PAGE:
I met Angela Carter in the spring of 1987 when I was a student and she a tutor on the MA in creative writing at the University of East Anglia. My work had over the course of the previous winter gone from bad to worse. I was 24, I had no idea how to live in the world, let alone write about it; and the self who was supposed to produce some kind of narrative by the end of the year seemed increasingly fugitive and fragmented. The whole business of being Irish in England seemed to me old-fashioned and, in tiny ways, ghastly. People thought I was amusing, in an Irish sort of way: and I suppose I was. My work was not going well. I did not know why. It was not that I was distressed - I had often written when in distress. In fact a little breaking open, a little falling apart, a tincture of four in the morning, used to work quite well for me. Emotion was not the problem, it was the fact that I could not make the shift from emotion to story, or not on the required scale. I don't know if stories do come from feeling - perhaps it just feels that way - but the inability to write is certainly an emotional state. This shift from feeling to fiction is the reason I still need, rather than just want, to write. And the more you need something, as I discovered in that room in East Anglia, the harder it is to get. I worked all the time, but inspiration did not strike. There was no shaft of light. If the words came from anywhere, it was from a point over my left shoulder, like a taunt. I was 24. I do not think that I was entirely well.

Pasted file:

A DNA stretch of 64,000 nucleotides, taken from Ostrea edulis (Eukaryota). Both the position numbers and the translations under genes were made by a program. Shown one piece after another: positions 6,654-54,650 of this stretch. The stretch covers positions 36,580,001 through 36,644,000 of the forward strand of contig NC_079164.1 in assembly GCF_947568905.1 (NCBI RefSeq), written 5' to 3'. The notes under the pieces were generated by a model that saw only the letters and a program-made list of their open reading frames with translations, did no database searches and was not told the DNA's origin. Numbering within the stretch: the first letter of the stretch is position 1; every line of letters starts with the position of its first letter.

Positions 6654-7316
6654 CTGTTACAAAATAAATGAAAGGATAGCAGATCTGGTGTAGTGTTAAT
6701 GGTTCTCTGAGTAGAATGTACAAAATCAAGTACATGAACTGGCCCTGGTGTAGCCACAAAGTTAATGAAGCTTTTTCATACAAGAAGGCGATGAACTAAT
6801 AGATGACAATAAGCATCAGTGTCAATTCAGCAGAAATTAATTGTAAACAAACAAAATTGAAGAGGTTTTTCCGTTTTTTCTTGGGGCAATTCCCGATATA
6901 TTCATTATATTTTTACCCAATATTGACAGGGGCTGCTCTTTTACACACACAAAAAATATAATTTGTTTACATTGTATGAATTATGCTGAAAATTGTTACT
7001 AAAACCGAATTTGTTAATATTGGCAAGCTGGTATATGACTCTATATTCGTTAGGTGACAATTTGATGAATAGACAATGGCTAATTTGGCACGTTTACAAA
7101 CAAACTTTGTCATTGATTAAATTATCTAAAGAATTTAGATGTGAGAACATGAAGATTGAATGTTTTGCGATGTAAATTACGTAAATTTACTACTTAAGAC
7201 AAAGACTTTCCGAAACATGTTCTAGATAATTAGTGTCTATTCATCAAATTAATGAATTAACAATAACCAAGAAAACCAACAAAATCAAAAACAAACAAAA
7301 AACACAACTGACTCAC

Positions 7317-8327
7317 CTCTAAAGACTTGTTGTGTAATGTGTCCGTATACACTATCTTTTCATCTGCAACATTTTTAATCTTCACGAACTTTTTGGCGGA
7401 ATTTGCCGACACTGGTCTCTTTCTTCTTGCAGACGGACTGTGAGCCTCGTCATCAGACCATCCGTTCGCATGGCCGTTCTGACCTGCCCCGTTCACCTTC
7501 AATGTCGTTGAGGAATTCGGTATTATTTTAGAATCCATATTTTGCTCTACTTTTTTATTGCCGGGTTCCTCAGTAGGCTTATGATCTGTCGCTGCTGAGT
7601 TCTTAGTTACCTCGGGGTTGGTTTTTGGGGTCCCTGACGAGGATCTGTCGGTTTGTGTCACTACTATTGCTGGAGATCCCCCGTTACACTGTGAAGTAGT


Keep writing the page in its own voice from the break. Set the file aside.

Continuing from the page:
LRB 17 February 2011 | PDF Download